Universal public education has two possible—and contradictory—missions. One is the development of a literate, articulate, and well-informed citizenry so that the democratic process can continue to evolve and the promise of radical equality can be brought closer to realization. The other is the perpetuation of a class system dividing an elite, nominally “gifted” few, tracked from an early age, from a very large underclass essentially to be written off as alienated from language and science, from poetry and politics, from history and hope—toward low-wage temporary jobs. The second is the direction our society has taken. The results are devastating in terms of the betrayal of a generation of youth. The loss to the whole of society is incalculable. (p. 162)
That second and wrong direction is the result of the neutral pose.
For Further Reading
 Rich, A. (2001). Arts of the Possible: Essays and Conversations. New York, NY: W. W. Norton and Company.
As a lifelong fan of science fiction (SF), I want to start by invoking a SF convention that never gets old: time travel (but I’ll spare you the whirlwind prestidigitation mastered by Kurt Vonnegut, who married time travel and non-linear narrative in Slaughterhouse-Five).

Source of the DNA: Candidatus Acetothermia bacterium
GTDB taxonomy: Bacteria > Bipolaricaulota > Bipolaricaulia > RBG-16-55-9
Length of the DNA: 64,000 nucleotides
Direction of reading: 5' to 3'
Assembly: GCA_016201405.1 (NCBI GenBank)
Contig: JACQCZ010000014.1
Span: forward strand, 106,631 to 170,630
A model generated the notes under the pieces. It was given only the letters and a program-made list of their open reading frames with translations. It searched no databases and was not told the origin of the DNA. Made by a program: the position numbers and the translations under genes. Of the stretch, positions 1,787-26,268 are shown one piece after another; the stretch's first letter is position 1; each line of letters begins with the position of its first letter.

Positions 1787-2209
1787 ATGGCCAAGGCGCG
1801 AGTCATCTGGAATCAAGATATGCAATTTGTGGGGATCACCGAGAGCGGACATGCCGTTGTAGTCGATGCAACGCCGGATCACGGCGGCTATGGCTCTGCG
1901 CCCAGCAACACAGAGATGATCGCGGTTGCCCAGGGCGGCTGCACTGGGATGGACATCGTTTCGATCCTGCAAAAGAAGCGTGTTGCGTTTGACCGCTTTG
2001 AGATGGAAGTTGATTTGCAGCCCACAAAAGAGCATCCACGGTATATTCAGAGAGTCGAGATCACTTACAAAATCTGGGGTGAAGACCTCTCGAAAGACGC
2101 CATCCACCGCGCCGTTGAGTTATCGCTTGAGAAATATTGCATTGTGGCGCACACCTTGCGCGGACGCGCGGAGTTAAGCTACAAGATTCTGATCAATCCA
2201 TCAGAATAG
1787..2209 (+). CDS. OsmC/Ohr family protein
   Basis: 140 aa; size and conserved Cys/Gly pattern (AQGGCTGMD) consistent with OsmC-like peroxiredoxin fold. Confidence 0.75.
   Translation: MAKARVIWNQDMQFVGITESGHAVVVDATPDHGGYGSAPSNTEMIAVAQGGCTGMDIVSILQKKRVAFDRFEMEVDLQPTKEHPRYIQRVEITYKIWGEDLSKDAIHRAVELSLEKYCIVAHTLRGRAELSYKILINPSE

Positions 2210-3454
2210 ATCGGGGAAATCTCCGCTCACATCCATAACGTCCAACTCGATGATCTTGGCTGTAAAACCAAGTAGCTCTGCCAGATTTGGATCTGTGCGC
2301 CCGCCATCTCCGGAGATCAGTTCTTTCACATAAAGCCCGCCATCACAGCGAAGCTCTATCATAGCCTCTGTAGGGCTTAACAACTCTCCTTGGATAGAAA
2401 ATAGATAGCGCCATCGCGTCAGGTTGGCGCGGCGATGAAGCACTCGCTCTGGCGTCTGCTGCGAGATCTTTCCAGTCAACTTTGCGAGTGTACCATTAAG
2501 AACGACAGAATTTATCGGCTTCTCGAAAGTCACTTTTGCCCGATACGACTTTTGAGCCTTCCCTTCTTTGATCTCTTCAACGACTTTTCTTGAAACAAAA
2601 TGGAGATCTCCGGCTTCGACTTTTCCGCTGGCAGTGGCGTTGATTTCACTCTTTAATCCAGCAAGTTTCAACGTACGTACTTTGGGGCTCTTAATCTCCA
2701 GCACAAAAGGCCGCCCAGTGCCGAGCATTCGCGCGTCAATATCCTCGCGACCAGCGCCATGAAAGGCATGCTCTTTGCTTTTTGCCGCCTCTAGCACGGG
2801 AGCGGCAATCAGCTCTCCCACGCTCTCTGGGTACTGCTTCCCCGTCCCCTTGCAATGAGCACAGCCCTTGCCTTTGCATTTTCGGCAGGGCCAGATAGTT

Once upon a time (well, I must confess, I enjoy a bit of genre-splicing also), Bill Gates, billionaire and burgeoning education hobbyist, began tossing his considerable expertise (read: money) at small schools projects. Low and behold, Gates eventually looked at the research his own foundation gathered, declared the project a failure, and scuttled away—only to decide that the greatest scourge on the planet was the enormous number of “bad” teachers failing our children everyday!
Since we are now back in time (and you may notice a pattern here about history repeating itself, and such), let’s look at that Gates/small school dynamic as I blogged about this in April and May 2011:
And, Gates’s small schools experiment? While Gates himself declared the experiment a failure, Marshak explains that Gates’ small school experiment actually exposes Gates’ own inability to understand the education dynamics he claims to reform. But ample evidence reveals both that Gates is inexpert and remains unsuccessful as an education reformer. See here, here and here — including his failure to understand statistics and the charts he enjoys using to make his points here. (Accountability? Start at the Top, OpEdNews 11 April 2011)
Let’s do some truly basic math.
First, consider that Bill Gates, a billionaire whose wealth and success have been built on computer innovation and entrepreneurship, has been an education reformer for many years now–stretching back to a small schools focus: